In the time it will take you to read this story, you can have a golf lesson. That may sound like the beginning of an infomercial, but it is what the The Dunes at Seville Golf Club is offering. Just before golfers hit the links, they can grab a short golf lesson to tinker with their swing.
Dubbed the Ten Minute Tune Up and for a small $10 fee, an instructor will help a golfer at the driving range, fine tuning anything that might be wrong with his or her game.
"When they get here and see something bad (about their game) they think 'Oh my god, what am I going to do?' " Dunes course pro Harry Andrews said. "But we can set them straight and they go off the first tee with a positive attitude.
"This 10-minute thing gets them on track so they can play."
Course manager Jim Cocchi basically stole his own idea. He used to do this 27 years ago when he worked at Plantation Inn and Golf Resort in Crystal River, where he would just help people on the range before they headed off to the first tee.
"I thought I just go back to what I used to do," Cocchi said. "It's a nominal fee and most people don't do lessons — if we're lucky 1 percent of them do — and something like this they'll do because they say, 'Hey, help me out. I'm struggling.' "
Decked out in lab coats, there are four instructors available Friday through Sunday, and as the fall season picks up, Cocchi hopes to make a "technician" available daily starting Oct. 1.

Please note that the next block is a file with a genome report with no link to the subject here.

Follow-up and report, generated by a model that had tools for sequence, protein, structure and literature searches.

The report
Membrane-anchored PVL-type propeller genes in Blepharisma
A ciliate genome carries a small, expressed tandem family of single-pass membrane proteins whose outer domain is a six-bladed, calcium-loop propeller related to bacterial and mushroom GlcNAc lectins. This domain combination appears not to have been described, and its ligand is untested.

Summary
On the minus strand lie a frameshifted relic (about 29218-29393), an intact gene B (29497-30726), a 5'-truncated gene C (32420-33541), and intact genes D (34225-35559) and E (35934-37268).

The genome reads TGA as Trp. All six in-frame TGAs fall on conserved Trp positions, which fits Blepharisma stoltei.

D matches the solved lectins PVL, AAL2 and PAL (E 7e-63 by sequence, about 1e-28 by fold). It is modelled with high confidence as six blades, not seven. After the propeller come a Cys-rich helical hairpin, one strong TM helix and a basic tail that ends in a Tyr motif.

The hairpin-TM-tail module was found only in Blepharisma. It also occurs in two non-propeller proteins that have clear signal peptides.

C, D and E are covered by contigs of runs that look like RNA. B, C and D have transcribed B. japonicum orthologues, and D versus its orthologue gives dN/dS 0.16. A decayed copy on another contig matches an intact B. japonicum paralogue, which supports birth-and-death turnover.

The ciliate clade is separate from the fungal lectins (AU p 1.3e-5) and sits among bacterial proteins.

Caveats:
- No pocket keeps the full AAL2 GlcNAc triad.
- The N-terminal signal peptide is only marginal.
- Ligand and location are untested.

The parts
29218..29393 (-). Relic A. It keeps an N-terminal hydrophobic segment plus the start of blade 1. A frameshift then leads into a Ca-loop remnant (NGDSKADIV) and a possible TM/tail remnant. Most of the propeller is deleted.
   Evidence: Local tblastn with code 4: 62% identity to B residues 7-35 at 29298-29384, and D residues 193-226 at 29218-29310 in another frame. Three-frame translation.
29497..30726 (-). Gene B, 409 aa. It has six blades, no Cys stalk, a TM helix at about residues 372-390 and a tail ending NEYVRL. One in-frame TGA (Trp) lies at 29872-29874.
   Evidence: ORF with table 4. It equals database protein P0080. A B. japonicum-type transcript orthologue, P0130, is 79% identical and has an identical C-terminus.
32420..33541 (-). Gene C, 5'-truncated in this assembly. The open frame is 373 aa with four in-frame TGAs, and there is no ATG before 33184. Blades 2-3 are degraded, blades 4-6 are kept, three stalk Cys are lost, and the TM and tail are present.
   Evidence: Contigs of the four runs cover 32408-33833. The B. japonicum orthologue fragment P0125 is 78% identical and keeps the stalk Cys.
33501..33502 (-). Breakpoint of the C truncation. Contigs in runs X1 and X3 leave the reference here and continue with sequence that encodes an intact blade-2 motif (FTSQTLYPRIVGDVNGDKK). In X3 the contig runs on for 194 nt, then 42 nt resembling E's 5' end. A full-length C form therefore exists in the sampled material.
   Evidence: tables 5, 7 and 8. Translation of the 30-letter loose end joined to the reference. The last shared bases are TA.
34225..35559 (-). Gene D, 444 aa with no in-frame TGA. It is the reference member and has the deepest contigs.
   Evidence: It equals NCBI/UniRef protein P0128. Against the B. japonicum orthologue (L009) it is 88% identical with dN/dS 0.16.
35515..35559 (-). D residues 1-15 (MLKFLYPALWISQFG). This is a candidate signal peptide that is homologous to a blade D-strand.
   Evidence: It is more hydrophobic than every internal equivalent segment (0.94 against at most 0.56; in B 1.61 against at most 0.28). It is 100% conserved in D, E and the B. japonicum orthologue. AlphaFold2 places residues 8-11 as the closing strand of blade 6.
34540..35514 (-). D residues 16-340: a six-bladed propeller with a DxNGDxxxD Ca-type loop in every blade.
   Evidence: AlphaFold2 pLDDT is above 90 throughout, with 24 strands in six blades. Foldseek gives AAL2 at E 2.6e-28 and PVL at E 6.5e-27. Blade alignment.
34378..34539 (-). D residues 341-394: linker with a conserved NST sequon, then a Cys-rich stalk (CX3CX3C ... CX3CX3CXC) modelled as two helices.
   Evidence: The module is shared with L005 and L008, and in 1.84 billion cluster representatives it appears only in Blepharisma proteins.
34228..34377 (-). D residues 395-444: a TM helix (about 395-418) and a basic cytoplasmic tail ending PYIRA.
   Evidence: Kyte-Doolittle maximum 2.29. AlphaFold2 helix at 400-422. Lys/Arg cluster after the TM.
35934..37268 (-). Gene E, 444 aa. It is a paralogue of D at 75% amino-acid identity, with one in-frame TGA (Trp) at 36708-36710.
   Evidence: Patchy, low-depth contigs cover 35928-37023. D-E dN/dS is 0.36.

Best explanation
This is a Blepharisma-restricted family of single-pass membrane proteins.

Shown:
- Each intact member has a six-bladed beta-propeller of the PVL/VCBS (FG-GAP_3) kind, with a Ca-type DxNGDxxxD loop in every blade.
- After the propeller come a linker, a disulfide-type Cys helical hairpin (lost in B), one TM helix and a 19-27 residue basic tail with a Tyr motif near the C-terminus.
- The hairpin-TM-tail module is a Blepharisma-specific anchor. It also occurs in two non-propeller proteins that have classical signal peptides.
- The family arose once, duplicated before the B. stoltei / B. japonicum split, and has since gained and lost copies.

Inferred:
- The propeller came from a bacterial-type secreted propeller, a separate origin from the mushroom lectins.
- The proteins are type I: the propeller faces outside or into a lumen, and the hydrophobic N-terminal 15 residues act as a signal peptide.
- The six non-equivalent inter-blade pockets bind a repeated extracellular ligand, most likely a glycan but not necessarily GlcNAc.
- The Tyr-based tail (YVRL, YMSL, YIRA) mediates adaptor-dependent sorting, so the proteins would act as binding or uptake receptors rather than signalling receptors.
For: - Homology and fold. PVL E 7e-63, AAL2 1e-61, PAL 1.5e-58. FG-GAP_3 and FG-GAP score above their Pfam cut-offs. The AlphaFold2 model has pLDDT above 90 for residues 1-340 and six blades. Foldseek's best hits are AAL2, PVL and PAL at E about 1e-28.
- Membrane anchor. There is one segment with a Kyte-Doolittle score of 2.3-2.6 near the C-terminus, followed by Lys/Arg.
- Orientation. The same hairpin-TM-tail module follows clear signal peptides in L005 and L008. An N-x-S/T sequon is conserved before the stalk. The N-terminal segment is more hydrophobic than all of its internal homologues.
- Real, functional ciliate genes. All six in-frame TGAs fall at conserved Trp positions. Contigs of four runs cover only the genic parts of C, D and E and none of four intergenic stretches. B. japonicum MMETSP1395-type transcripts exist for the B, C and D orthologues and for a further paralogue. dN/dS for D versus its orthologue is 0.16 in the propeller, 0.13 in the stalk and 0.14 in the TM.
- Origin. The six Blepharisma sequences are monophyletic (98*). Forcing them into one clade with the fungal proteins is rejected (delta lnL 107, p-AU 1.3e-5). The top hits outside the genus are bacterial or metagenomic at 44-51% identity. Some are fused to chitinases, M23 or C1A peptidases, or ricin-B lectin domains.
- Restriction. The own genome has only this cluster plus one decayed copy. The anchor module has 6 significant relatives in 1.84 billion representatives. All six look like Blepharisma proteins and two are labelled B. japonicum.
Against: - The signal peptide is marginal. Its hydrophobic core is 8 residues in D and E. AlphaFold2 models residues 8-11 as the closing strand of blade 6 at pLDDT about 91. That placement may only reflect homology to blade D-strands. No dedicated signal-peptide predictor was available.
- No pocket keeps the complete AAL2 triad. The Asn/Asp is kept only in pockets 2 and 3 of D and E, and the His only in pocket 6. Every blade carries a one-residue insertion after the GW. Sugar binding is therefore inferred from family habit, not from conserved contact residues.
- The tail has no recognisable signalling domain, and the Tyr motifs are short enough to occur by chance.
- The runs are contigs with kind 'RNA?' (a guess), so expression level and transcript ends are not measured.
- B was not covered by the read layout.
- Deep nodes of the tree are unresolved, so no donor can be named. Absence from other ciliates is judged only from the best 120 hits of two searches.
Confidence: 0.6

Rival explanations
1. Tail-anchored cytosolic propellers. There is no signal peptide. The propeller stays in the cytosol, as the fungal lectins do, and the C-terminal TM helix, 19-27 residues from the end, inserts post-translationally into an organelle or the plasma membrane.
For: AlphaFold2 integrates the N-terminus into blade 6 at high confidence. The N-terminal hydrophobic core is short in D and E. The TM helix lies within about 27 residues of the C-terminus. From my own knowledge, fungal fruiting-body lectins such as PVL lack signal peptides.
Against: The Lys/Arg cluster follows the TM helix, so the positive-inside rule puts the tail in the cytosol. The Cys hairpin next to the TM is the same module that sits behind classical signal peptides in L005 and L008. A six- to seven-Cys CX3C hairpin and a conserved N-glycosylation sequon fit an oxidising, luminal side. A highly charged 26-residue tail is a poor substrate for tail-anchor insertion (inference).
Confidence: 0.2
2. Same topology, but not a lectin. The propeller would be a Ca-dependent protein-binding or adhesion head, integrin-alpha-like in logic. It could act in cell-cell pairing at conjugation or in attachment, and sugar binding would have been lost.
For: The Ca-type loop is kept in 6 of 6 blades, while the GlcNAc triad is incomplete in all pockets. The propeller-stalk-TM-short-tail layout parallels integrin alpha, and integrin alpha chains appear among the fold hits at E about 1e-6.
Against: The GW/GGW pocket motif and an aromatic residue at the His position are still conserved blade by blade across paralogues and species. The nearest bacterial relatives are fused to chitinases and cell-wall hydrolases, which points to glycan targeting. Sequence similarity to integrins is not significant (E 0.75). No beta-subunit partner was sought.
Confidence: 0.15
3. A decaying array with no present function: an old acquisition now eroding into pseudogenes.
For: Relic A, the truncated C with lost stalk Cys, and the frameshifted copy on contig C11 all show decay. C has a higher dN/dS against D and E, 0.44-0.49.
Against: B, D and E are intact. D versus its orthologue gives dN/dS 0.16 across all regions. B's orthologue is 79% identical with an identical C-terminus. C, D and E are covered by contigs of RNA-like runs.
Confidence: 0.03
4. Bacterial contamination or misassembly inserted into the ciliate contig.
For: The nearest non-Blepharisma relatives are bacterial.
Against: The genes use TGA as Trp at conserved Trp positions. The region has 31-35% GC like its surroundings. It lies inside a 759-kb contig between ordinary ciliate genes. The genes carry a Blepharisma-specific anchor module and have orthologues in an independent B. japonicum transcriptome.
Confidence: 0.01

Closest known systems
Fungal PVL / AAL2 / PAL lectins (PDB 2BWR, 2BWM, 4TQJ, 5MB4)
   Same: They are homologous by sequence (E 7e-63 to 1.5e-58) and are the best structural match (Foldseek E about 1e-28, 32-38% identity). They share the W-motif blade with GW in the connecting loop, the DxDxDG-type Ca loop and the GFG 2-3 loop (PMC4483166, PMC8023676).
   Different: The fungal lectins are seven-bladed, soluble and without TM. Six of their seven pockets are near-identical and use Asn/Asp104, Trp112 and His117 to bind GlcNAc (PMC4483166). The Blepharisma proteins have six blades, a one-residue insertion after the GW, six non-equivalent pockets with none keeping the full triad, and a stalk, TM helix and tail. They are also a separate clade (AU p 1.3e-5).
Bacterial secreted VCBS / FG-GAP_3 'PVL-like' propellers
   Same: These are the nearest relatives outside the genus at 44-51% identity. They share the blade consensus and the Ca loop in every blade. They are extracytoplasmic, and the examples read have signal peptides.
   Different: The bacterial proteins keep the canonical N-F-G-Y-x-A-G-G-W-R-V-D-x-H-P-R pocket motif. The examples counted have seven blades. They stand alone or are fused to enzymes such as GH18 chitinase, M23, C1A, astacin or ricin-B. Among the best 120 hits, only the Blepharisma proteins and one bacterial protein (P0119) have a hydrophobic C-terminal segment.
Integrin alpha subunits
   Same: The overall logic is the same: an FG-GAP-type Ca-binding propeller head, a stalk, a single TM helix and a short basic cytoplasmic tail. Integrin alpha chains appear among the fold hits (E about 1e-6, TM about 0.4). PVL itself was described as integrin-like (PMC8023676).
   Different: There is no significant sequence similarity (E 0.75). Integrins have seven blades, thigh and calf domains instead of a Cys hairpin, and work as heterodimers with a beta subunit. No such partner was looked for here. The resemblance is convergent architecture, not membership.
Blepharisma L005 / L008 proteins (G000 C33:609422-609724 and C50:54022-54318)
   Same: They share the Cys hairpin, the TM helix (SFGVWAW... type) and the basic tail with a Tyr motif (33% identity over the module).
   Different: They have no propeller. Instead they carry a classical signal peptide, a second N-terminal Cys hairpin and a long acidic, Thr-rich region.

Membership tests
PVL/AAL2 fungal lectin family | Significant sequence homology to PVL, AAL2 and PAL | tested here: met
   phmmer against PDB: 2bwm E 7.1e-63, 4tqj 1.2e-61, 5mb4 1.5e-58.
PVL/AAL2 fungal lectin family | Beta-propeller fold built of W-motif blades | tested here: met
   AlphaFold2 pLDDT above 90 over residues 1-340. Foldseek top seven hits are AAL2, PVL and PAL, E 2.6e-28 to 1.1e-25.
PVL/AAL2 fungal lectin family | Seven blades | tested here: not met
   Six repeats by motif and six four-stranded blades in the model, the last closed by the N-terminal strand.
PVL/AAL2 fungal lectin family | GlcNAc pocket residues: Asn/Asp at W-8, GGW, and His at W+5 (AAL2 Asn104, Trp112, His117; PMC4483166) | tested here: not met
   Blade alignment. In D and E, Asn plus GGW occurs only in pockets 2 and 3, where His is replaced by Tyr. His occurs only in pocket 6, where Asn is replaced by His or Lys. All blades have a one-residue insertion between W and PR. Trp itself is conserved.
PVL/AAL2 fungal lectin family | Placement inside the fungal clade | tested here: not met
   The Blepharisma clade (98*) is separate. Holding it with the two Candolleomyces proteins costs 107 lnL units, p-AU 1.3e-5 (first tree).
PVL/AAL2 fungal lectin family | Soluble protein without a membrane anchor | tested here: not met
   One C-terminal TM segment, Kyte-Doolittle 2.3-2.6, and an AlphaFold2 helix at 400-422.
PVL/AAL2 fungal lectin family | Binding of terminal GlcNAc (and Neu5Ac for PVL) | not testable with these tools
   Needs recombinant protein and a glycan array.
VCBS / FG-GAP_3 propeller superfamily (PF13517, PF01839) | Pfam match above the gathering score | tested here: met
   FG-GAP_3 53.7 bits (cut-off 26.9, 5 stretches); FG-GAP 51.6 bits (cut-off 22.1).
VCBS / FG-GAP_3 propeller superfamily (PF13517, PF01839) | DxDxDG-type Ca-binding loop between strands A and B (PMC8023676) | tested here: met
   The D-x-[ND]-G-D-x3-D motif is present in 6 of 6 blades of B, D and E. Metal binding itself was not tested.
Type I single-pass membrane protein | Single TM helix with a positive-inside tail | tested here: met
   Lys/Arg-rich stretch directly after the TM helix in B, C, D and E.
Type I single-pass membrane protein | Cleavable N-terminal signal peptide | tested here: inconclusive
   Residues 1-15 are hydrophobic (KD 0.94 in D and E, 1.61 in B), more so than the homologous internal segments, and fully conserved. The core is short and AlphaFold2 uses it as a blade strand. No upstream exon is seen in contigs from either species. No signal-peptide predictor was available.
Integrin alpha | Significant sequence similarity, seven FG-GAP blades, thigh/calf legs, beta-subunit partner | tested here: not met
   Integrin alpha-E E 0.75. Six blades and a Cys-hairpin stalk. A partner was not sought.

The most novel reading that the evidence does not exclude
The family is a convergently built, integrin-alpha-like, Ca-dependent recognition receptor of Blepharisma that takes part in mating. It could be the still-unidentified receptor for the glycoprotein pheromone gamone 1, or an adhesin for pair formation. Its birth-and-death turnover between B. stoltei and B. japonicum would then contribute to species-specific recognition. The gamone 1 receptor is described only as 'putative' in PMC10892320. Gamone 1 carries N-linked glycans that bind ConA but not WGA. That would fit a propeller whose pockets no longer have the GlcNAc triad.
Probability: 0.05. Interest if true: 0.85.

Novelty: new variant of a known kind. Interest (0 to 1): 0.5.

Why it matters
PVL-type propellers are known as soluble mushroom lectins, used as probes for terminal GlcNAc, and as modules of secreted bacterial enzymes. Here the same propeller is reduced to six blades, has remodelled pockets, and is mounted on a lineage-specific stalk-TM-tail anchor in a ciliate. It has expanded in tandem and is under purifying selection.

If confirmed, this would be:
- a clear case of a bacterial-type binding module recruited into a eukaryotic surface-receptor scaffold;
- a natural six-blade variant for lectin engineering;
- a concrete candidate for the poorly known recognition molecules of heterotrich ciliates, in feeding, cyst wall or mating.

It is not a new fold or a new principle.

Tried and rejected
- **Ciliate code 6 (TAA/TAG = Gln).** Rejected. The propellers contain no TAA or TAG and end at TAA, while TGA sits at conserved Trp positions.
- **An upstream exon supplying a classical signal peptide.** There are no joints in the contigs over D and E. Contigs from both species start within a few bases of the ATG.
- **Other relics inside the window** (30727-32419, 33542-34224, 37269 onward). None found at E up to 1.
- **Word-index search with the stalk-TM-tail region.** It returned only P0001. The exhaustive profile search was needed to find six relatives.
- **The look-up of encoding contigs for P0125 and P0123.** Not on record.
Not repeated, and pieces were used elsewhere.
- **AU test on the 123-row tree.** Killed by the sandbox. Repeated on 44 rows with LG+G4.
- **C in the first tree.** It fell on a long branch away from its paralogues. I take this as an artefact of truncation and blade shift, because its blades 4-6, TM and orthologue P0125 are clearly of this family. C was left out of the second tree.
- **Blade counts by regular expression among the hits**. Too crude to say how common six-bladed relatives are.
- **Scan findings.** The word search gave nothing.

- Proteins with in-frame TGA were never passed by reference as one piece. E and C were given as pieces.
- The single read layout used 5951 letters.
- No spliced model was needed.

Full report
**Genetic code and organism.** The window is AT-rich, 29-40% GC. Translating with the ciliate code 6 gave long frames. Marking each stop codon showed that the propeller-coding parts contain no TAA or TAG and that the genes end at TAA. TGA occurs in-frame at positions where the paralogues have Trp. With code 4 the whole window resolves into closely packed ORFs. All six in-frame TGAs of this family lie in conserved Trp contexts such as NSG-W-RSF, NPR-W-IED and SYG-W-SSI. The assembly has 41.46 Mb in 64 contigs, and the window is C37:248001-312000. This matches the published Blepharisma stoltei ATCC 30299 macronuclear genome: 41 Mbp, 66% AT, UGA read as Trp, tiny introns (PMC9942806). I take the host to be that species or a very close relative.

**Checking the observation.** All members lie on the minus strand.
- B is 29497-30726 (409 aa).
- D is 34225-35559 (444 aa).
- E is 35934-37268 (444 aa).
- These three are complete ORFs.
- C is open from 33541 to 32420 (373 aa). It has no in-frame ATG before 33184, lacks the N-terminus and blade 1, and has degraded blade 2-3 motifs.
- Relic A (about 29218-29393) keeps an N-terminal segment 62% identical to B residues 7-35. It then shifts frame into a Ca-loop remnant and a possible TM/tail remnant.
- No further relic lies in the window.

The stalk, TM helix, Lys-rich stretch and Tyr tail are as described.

One of the instructors, Steve LaFalce, owner of Indoor Golf Center in Hudson, says a golfer might get to the course and won't be hitting the ball well. So, even with the limited 10 minutes, it's about working on the swing.
"It goes back to fundamentals with the Ten Minute Tune Up — they're not hitting the ball solid, so what is it? Is it the posture, the grip or the alignment?" LaFalce said. "That's all you can cover in 10 minutes and those are things that they can work on during the round."
Cocchi might be right about most people not taking serious lessons. Many casual golfers like to self teach themselves and learn as they go on the course. Similar to Sharon Zimmerlin, who, like her husband, Mike, use the quick lesson just to tighten up their games beforehand.
"I like this a lot because sometimes you don't want an hour-long lesson and you have little problem that you need to work out," Zimmerlin said. "It's like touching up a painting — putting finishing touches on something that needs to be fixed."
Cocchi, along with Andrews, acknowledges the time constraints that golfers will have at the course. A lot of times, golfers won't even have time to get to the range. But for those who do, something may still be off and just not seeing it because they are within their own swing.
And that's where this 10-minute concept is perfect.
"This is for people in a funk, and we can knock them right out of it," Cocchi said. "People will grab a bag of balls and try to find their swing and can't. That because they can't always see what they're doing.
"This will be professional advice by professional eyes that will see it and help these people find and make their shot."
Community Sports Editor Mike Camunas can be reached at firstname.lastname@example.org or (352) 544-1771.